2. Get organised
I didn’t realise how much we were actually spending and where. Credit card statements in hand, I got a spreadsheet and listed all outgoing payments and looked for patterns in my spending. Having a super clear list of what we spend and where gave me a list of what can and can’t be saved.
3. Ditch the apps
Well this one is embarrassing. I honestly had no idea my little shopping apps were of any significance because I only bought a couple things, ‘once in a while’. Truth is I was spending about $200 a month or more on mindless app shopping. Uninstall immediately.
4. Do it yourself
I won’t tell you to go make your own clothes or anything; today knitting a sweater costs about 10 times more than buying one and ain’t nobody got time for that. I am going to tell you however, to do your own damn nails! I am a cosmetologist by trade so I’m going to drop some truth here. Those pedicures are terrible, germy, unsanitary and you can paint your own toes. No one will notice. My second secret is for $100 you can buy a years’ worth of SNS (nail dipping powder) and do it at home. It’s shockingly easy and a rip off at the salon. You can have professional nails with a YouTube video and an evening in front of the TV. Me doing my own nails for one year will save $2,500 plus.
5. Get on the phone
I decided to pick up the phone and just ask for a better deal. Over the last two weeks I called every single entity I pay and asked for a better deal.
Those entities included;
- Car insurance
- Home and contents insurance
- Car refinancing
- Pet insurance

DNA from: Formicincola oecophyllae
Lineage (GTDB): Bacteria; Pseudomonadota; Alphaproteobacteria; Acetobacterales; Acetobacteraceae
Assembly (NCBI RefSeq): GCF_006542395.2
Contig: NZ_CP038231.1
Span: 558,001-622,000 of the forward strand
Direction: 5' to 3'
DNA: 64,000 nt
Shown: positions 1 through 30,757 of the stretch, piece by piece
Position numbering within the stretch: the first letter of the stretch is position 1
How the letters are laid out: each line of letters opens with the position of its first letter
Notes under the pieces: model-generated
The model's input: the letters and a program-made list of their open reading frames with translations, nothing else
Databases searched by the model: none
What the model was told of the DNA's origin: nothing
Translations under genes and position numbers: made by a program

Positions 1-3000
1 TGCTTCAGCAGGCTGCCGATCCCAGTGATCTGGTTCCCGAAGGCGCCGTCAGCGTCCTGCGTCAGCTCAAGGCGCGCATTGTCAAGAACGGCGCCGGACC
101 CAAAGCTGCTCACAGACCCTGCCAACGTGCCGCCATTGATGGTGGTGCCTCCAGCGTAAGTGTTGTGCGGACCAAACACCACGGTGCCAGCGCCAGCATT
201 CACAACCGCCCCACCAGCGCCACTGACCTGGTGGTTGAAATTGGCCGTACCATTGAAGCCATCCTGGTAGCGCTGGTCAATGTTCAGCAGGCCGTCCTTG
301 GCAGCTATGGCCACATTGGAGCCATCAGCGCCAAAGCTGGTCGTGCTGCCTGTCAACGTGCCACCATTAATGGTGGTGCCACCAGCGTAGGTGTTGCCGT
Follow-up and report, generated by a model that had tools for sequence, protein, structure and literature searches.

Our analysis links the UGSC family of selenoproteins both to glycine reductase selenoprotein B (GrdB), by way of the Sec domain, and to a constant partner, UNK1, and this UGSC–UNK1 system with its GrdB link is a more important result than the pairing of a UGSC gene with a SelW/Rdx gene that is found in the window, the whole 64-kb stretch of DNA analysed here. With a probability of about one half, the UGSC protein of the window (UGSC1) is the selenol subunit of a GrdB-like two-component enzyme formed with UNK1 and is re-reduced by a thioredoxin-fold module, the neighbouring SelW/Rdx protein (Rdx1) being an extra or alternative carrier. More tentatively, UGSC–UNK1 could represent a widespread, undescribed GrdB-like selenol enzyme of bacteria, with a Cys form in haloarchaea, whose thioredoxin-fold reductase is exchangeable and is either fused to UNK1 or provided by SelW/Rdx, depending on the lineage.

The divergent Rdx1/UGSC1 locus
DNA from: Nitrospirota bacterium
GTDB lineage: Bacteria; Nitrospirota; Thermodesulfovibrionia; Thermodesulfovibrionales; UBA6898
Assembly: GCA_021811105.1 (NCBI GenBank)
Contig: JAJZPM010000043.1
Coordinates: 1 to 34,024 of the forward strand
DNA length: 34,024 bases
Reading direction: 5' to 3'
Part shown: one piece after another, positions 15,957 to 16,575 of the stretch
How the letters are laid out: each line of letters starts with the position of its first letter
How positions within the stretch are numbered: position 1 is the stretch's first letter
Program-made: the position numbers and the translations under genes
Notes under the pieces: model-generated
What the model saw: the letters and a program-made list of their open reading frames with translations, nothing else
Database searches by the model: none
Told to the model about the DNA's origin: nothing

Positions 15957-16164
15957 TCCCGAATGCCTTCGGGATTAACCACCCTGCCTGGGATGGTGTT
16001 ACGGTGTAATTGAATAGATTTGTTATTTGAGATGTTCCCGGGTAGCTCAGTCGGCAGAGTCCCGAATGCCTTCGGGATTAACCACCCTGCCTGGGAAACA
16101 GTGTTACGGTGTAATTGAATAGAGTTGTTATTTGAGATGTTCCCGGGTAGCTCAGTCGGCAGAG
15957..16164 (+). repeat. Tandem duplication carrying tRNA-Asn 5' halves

- Health insurance
- Cable (I found out I pay for cable to a room that doesn’t even have a TV)
- Ditch Foxtel, get Netflix and Fetch TV for $15 a month!
When making calls, the representatives will not be able to help, until you threaten to leave. Every single company not only gave us significant discounts and plan changes, they were happy to do so. The private health cover gave us a month free ($500), home and contents, $500 a year, car insurance over $200 a month for both cars.
A few companies also told me I can call and threaten to leave again when my renewal notices come around again and they will be able to offer more of a discount, even if they just lowered my payments.
6. New head space
I had to really be conscious of who I had become with money. I had to get into a new headspace of saving money as a hobby or a sport if you will. I kept saying I am on a Quest to save for us! I started to look at purchases consciously. Do I need it? And to date, the answer has been no.
We decided to keep our two-year-old phones and cut our phone bill in half by using a Telstra Sim Only Plan. Yes, purple does seem like a reasonable excuse to buy a new phone, but completely unnecessary.
The outcome of this hard work?
By following those instructions alone, and NOT including the $20,000 we are going to save in the next year in rent:
In two weeks I was able to save over $30,000 in payments and spending just by following the above suggestions. Around $30,000 will be saved by the end of the year just for taking the time to pick up the phone.
With our new place, sans pool of course, I will save our family over $50,000 by the end of the year! That’s about what I would make by going back to work.
Who knew two weeks and a phone could save me a fortune!